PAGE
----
Jim Hellwig, better known as The Ultimate Warrior, passed away Tuesday April 8. His sudden death occurred only days after his return to WWE as a spokesperson and his indictment into WWE’s Hall of Fame. Although authorities have not yet released the cause of death, TMZ reports that Hellwig, who legally changed his name to Warrior in 1993, collapsed outside of his hotel in Arizona and was pronounced dead at the hospital. The death of the middle-aged Ultimate Warrior came as a shock to fans that witnessed his spirited return to the WWE ring only a day earlier, but the Warrior’s death reveals a bigger problem in the world of professional wrestling.
Friends and fans of the Warrior expressed their shock at the wrestler’s sudden death, and many of his colleagues took to Twitter to reach out to Warrior fans and offer condolences to his family. The news of his death came off the heels of the Warrior’s first appearance in the WWE ring in 18 years. The Warrior climbed into the ring one last time the night before his death, donning a mask reminiscent of The Ultimate Warrior’s famous face paint. He was not there to wrestle, and instead delivered a bizarrely appropriate speech to rowdy fans about the fleeting nature of life saying, “every man’s heart one day beats its final beat.” Naturally, when the news broke a day later, fans were praying it was not suicide.
It wasn’t suicide. Instead, the Warrior’s death is a tragic part of a frightening epidemic that is rarely addressed in the world of professional wrestling. Indeed, the Warrior’s death reveals a bigger problem in the WWE, a problem demonstrated by the average mortality rate of pro wrestlers. The Warrior was only 54, and in the last 10 years alone at least 15 of WWE’s professional wrestlers have died of heart complications, drug overdoses, or suicide before reaching the age of 60. Although the WWE fights are staged, the hits the athletes take to their bodies are real, resulting in real long-term damage. Professional wrestlers belong to a culture of athletes who abuse their bodies with a range of performance enhancing and pain-killing drugs. While there has been no confirmation of drug abuse in the case of the Ultimate Warrior’s untimely death, drug abuse in the industry is something almost all professional wrestlers admit to.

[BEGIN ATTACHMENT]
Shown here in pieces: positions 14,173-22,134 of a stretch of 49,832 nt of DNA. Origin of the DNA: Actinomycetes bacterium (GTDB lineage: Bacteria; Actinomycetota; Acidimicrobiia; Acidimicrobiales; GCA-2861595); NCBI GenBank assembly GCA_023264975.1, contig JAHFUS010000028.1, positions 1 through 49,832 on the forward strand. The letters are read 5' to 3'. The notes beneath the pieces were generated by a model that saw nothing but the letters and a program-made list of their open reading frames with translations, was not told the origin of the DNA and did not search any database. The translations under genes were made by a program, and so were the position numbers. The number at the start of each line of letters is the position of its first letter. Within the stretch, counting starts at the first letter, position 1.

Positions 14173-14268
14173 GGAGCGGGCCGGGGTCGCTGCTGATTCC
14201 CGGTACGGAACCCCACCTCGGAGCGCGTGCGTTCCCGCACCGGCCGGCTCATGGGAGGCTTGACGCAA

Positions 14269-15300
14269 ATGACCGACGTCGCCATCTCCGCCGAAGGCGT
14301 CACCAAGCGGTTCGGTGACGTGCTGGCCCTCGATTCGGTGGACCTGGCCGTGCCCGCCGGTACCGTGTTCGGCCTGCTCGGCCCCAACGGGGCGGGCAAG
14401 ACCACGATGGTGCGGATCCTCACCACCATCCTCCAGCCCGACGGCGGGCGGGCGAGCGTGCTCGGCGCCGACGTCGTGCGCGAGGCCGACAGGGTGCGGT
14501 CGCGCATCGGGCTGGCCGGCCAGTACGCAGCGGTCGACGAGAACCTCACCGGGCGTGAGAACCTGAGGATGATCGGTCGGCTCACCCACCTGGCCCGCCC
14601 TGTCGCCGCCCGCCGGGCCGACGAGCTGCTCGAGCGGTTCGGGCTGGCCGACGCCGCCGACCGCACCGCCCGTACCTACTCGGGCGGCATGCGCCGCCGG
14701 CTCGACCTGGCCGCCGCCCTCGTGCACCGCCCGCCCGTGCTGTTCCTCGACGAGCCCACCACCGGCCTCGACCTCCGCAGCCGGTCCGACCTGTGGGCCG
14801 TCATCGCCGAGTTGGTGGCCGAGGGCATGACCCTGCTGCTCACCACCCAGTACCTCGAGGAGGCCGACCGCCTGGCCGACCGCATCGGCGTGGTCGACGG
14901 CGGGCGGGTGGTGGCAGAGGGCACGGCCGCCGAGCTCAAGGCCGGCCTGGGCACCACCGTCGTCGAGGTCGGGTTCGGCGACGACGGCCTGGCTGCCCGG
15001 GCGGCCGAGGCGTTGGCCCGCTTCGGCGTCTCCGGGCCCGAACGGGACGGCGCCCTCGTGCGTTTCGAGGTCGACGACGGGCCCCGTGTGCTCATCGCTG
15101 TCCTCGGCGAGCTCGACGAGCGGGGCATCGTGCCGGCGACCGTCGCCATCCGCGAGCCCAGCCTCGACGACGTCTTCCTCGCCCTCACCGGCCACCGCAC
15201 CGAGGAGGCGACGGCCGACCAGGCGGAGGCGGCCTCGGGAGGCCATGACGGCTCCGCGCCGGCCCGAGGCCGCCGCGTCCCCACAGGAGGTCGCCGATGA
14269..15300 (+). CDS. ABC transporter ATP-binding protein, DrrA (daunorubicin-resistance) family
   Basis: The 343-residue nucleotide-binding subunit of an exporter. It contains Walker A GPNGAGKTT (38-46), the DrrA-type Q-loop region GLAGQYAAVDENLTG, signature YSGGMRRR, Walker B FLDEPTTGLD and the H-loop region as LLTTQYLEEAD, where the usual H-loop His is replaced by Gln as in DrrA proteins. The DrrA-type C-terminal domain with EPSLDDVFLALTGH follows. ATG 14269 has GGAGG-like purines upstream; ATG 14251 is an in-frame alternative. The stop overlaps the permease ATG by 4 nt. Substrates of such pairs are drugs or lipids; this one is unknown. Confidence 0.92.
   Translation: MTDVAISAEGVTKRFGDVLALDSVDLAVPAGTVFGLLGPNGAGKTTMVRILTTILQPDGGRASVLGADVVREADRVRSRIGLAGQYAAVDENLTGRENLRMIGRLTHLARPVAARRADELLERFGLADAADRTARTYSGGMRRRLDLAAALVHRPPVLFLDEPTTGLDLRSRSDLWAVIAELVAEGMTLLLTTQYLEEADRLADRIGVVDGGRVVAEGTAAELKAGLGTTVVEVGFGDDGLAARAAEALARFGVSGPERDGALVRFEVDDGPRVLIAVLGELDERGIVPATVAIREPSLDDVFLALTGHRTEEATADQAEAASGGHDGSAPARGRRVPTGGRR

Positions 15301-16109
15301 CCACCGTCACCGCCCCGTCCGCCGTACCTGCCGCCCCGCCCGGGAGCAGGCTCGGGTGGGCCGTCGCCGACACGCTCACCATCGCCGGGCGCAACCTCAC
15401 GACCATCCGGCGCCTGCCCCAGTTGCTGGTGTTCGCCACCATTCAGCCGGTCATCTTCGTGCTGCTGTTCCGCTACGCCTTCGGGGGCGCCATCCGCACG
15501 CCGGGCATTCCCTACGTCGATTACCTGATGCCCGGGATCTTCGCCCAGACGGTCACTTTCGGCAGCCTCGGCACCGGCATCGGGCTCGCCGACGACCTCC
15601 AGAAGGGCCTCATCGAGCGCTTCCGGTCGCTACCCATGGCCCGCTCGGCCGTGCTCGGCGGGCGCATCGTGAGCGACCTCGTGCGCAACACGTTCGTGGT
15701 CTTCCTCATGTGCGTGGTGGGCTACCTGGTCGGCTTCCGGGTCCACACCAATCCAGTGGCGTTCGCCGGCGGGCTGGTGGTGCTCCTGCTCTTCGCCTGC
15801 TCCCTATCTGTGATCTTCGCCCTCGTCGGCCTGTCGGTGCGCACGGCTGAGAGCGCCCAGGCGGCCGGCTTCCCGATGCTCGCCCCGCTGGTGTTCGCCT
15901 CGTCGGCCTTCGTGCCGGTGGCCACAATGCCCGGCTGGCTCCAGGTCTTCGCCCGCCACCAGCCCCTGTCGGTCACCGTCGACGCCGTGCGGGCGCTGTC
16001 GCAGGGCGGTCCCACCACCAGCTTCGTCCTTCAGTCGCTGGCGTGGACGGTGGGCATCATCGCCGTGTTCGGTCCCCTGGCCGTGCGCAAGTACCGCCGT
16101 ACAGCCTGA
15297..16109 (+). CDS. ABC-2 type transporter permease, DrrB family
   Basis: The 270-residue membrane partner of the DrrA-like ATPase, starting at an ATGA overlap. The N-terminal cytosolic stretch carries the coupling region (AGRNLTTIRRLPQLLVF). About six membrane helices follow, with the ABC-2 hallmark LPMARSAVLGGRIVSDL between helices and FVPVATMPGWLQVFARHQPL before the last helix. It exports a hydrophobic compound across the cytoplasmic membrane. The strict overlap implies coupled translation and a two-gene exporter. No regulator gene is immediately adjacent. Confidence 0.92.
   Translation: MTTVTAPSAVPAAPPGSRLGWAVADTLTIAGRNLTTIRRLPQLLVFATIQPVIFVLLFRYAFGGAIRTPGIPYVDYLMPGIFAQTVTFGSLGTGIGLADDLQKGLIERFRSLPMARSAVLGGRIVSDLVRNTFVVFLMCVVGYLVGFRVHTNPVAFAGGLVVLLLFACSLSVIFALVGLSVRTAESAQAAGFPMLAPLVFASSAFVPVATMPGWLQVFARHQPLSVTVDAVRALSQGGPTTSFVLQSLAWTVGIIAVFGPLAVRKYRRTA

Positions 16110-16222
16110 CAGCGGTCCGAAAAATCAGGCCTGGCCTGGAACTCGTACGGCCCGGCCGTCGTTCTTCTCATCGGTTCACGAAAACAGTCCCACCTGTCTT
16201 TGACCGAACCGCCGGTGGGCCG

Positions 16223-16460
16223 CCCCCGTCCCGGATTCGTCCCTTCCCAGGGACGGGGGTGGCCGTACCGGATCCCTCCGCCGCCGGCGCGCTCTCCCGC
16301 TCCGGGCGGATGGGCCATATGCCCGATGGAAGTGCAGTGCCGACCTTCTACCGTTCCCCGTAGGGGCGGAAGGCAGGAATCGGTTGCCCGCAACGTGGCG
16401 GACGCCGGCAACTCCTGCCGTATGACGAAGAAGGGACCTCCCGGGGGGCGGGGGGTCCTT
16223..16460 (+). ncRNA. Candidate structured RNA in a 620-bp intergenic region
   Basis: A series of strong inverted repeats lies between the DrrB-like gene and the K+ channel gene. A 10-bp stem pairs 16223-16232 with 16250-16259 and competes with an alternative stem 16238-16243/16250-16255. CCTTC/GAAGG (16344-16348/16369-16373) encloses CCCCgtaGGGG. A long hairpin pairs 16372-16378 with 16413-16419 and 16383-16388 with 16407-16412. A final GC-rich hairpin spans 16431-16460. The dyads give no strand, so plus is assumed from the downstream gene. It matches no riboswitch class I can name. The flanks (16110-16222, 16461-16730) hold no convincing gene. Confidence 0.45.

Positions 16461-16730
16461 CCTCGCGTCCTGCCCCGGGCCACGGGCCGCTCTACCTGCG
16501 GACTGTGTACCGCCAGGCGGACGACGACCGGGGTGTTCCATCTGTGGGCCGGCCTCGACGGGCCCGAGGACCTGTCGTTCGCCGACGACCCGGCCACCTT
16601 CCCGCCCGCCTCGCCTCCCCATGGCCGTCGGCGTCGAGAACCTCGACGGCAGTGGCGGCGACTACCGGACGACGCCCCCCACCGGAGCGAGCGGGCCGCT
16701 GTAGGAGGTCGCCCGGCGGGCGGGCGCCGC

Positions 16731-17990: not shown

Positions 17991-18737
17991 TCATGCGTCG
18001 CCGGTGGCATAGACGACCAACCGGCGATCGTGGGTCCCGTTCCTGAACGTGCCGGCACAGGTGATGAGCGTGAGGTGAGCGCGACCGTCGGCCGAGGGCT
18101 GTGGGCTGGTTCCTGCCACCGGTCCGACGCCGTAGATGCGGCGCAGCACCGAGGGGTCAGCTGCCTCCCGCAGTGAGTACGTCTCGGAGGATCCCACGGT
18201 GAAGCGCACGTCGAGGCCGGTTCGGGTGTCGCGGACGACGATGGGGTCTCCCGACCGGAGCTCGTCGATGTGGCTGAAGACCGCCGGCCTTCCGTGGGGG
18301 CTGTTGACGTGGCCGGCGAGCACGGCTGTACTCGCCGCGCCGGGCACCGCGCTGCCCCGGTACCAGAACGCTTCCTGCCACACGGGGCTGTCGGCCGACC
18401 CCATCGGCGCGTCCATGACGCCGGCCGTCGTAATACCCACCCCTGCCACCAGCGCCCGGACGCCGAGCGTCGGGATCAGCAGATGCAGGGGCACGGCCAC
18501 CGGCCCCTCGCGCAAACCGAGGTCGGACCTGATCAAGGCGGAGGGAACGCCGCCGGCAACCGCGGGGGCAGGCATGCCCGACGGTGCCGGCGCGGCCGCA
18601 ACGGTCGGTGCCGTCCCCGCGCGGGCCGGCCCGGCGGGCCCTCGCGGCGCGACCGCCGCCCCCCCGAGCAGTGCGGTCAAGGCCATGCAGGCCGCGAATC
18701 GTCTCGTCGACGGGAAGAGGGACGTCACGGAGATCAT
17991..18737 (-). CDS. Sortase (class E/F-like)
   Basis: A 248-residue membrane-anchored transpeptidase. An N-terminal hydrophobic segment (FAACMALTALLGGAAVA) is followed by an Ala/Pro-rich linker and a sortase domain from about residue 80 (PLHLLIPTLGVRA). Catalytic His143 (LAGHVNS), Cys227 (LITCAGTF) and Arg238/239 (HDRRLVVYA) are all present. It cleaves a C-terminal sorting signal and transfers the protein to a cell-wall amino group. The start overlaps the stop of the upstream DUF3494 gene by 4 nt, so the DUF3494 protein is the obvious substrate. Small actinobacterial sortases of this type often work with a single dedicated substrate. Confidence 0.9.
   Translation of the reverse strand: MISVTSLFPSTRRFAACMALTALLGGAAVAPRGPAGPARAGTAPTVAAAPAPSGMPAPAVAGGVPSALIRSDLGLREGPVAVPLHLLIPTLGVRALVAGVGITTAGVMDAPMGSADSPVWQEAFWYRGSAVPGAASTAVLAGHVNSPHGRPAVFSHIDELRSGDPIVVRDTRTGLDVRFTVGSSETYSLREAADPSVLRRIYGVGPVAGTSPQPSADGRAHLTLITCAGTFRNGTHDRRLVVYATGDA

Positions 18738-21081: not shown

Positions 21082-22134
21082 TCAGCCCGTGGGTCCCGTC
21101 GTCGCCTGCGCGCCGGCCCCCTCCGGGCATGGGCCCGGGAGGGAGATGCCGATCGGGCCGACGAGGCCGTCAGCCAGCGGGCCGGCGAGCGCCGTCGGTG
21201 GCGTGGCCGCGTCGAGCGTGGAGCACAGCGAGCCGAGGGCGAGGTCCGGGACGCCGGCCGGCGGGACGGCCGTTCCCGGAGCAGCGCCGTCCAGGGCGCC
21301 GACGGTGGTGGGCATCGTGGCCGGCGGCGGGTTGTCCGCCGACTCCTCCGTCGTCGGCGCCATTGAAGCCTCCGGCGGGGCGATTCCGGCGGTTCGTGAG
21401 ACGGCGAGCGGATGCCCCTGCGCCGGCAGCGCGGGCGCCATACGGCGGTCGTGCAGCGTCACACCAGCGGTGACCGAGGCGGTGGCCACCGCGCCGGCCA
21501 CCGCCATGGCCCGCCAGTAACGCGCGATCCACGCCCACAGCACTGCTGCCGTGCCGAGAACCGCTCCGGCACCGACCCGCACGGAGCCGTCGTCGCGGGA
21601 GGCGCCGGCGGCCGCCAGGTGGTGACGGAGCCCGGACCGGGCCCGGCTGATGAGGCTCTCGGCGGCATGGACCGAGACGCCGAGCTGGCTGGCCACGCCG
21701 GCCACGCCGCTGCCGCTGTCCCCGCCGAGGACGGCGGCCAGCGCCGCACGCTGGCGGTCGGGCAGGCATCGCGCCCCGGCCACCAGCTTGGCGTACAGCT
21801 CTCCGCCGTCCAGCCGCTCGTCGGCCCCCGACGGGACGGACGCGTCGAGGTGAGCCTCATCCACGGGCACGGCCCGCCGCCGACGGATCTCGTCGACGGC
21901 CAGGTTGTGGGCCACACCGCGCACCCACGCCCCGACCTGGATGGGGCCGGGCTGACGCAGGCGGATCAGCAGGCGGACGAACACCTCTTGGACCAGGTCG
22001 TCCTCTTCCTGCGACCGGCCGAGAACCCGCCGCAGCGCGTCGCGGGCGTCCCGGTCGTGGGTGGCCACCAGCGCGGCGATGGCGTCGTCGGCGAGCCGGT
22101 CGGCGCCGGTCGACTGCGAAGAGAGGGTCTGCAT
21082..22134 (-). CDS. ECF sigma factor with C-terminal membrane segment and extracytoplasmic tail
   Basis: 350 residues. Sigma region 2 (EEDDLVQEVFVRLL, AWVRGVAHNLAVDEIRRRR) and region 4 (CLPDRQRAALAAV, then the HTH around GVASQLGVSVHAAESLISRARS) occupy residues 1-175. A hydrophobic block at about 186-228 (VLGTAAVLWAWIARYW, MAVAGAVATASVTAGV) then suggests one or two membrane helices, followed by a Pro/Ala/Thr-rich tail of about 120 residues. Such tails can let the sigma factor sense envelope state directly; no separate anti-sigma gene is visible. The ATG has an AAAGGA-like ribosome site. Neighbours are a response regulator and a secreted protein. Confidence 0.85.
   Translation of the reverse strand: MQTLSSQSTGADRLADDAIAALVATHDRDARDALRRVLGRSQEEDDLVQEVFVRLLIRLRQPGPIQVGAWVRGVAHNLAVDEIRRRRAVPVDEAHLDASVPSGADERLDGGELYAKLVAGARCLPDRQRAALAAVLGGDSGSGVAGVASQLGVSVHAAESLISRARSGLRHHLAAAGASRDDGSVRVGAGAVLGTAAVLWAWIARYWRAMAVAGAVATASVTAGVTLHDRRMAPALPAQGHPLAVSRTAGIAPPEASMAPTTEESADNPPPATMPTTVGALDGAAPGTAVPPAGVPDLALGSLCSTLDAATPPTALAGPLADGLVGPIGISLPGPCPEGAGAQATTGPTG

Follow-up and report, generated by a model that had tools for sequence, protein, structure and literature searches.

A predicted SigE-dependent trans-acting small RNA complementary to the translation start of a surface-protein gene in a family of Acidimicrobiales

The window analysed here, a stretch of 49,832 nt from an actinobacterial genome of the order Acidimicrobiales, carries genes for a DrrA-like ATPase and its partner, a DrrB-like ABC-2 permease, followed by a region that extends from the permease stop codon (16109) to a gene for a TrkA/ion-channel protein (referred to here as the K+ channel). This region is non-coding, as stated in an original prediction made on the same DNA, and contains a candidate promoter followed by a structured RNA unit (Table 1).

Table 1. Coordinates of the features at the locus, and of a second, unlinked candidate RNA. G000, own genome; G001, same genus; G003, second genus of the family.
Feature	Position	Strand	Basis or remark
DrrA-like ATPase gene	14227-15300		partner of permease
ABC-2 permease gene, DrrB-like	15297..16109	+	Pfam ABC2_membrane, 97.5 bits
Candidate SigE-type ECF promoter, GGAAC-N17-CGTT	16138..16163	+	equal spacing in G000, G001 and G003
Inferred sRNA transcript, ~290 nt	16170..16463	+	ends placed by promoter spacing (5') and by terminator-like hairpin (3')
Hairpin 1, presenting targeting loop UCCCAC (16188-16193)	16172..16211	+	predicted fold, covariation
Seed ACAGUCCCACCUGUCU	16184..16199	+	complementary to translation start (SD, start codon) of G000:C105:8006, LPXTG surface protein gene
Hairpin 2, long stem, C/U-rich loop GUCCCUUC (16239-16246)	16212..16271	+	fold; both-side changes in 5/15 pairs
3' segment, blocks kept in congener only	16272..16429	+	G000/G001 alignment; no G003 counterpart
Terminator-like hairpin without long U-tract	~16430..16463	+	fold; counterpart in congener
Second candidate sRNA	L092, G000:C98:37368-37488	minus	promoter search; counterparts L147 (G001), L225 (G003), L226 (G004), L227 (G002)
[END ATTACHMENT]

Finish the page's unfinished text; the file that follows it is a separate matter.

When a wrestler like the Ultimate Warrior dies in middle-age, fans and colleagues seem shocked, but the least common way for a professional wrestler to die is of old age. The industry encourages a vicious cycle of bodily harm and drug abuse. Many professional wrestlers use steroids, or gain dangerous amounts of body fat in order to possess the kind of body required to be a formidable presence in the ring. Over the years, the added bulk takes a toll on the body and heart, which must work harder than necessary to support the extra weight. Professional wrestlers often sustain severe injuries while performing stunts in the ring and then turn to painkillers to manage the pain, but the painkillers often act as a sedative so they then rely on stimulants to recapture their performance edge. This type of prolonged drug abuse is often deadly even after wrestlers are well into retirement. Details of the Warrior’s death have not been released to the public but the Warrior’s body mass alone suggests, in the very least, steroid use.
This cycle of pain, drugs, and performance is commonplace within the culture of pro wrestling, and wrestlers who want to enjoy fame are expected to do whatever it takes to secure their place in an industry that often exploits its athletes, discarding them once they are no longer able to perform. There is little support offered to the athletes who are injured or become dependent on drugs, and wrestlers are left with few options once their fleeting careers are over. There is no question that the world of professional wrestling is extremely competitive, and the Warrior was no stranger to the cut throat practices of the WWE over the stretch of his career. Wrestlers are on the road for over 300 days a year, they sustain severe injuries that often lead to drug abuse, but there is also a psychological component that the industry seems reluctant to address. There are very few options for a wrestler after their career has ended, so in many cases they they struggle with depression once their wrestling personas are no longer relevant.
Professional wrestlers have to be willing to go the extra mile to attain glory, doing whatever they must to perform, and many of those who rise to stardom very quickly watch their fame slip away, forgotten by fans until their final fall far from the spotlight.
Commentary by Sandra Pugliese